Question: What are the responsibilities, rights and responsibilities of parents in the digital age? Are parents ready? Does the State provide them with sufficient help?

Children said that parents are not ready for the digital world and cannot even reflect, let alone orient and direct their digital capabilities. Some parents control the activities of children on the Internet and it is good, but they lack sufficient education and insight to “not take it so seriously”. The state or other institutions do not provide parents with the necessary assistance to take into account the reality of the digital age, there is no systematic parenting or adequate state support.

Article 12 of the Convention talks about the right of the child to speak freely in all matters concerning him, whereas states shall give appropriate attention to the children’s opinion…

Question: What is the focus of children’s attention on?

Children do not know how to talk about their rights and opinions with state institutions in order to change things. They would welcome the existence of an online platform where they could express themselves and somebody really cares of it. They would also welcome the establishment of a child`s ombudsman.

Article 16 of the Convention deals with the protection of the child’s privacy.

Children found that the lack of education in privacy protection in the digital age fundamentally jeopardizes their ability and ability of their parents and society to defend themselves and be protected from threats and attacks on their privacy and their attempts to restrict them. Privacy is constantly hampered by digital technologies and low awareness of their threats and ways to effectively defend themselves – using mobile phones, unsecured online communications, publishing personal data on social networks, online gaming, public camera systems, but also the Internet of things.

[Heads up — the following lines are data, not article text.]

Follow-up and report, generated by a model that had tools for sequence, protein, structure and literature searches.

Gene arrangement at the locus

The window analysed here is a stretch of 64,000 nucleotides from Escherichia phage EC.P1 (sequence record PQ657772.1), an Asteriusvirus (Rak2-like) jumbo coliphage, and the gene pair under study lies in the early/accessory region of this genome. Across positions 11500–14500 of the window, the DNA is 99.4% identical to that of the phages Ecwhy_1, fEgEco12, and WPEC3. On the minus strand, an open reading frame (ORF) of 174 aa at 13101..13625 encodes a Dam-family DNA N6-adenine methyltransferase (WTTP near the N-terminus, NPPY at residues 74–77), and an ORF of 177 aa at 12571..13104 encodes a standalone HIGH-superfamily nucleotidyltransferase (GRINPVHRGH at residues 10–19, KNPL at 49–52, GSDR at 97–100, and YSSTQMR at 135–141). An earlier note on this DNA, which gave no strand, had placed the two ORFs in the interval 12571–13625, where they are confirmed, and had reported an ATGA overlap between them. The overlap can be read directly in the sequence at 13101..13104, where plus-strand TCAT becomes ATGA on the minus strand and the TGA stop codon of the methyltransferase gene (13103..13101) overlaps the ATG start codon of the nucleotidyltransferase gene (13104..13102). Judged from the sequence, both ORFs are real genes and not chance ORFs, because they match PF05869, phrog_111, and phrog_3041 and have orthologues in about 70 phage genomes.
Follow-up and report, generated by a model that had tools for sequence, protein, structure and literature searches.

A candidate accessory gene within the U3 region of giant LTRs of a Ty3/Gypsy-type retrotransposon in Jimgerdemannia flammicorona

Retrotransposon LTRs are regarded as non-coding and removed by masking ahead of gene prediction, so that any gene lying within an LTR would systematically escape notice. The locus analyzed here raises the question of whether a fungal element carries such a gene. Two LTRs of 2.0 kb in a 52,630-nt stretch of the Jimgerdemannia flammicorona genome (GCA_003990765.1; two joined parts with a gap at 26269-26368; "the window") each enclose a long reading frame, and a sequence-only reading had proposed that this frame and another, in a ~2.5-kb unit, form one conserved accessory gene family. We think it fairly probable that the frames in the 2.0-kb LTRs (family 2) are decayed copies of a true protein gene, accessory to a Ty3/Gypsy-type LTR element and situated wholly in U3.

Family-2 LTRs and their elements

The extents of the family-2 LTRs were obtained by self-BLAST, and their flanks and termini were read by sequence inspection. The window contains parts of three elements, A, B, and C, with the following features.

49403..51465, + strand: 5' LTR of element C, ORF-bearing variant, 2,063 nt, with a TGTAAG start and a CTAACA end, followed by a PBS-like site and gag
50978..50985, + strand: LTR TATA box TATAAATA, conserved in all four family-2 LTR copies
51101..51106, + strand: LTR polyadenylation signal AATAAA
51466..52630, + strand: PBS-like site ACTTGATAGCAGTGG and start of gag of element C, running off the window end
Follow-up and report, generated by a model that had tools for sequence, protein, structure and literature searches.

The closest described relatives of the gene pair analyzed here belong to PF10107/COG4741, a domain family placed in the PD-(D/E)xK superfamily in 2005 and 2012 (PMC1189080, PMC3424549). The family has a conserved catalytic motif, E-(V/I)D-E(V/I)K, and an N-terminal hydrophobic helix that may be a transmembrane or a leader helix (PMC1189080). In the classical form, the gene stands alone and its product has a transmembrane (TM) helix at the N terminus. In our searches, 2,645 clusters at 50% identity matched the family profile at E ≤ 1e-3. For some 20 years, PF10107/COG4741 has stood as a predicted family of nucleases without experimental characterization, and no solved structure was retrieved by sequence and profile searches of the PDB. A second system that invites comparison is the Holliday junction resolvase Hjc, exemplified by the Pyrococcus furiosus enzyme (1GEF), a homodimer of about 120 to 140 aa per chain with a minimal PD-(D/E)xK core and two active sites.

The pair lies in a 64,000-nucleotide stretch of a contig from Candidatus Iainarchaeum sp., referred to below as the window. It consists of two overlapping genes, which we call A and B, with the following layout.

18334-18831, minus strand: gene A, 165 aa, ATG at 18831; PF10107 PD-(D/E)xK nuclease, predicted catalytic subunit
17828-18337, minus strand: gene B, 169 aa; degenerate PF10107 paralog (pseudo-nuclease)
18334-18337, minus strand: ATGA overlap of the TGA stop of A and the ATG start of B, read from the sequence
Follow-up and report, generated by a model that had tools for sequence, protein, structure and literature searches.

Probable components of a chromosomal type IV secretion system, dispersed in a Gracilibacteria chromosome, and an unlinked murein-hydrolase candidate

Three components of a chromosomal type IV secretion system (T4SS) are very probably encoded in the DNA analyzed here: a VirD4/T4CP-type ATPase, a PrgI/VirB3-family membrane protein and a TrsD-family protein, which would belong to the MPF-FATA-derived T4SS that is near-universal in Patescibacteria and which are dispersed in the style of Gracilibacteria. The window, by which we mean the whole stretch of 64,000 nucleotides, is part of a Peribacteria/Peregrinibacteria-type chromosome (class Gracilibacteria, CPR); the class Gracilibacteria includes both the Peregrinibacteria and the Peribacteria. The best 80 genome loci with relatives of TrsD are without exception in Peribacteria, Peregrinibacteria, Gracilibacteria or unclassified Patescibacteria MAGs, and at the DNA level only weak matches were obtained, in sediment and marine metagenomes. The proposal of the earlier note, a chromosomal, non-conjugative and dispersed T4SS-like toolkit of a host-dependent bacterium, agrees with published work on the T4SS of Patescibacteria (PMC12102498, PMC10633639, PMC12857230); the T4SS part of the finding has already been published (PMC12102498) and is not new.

Privacy takes precedence over the internet!

Other suggestions of children resulting from the discussion:

  1. The Convention nor any other standard defines the right to childhood, ie the right not to be a “small adult” with adult`s responsibilities, the right to play according to their own, without the necessary educational elements of the preparation for the profession, mentoring of parents,
  2. The Convention or any other standard does not guarantee the right to free life without digital technology. One must have the right to live without digital technology without being financially or otherwise restricted and punished, ie the right to live and communicate as well as before the Internet appeared (1994) All sites must have  squarespace accessibility for every user to be able to access them safely.
  3. Privacy and personal data protection in accordance with the requirements of the General Data Protection Regulation (GDPR) – children were not consulted (see www.facebook.com/GDPRhaveyoursay/)
  4. Creating a Children’s National Digital Society Strategy should define:
  5. a) What is a digital society for children, how the digital society is regulated and how it affects children’s lives,
  6. b) what children expect from adults to feel good and safe in the digital society,
  7. c) how to make the digital society child-friendly.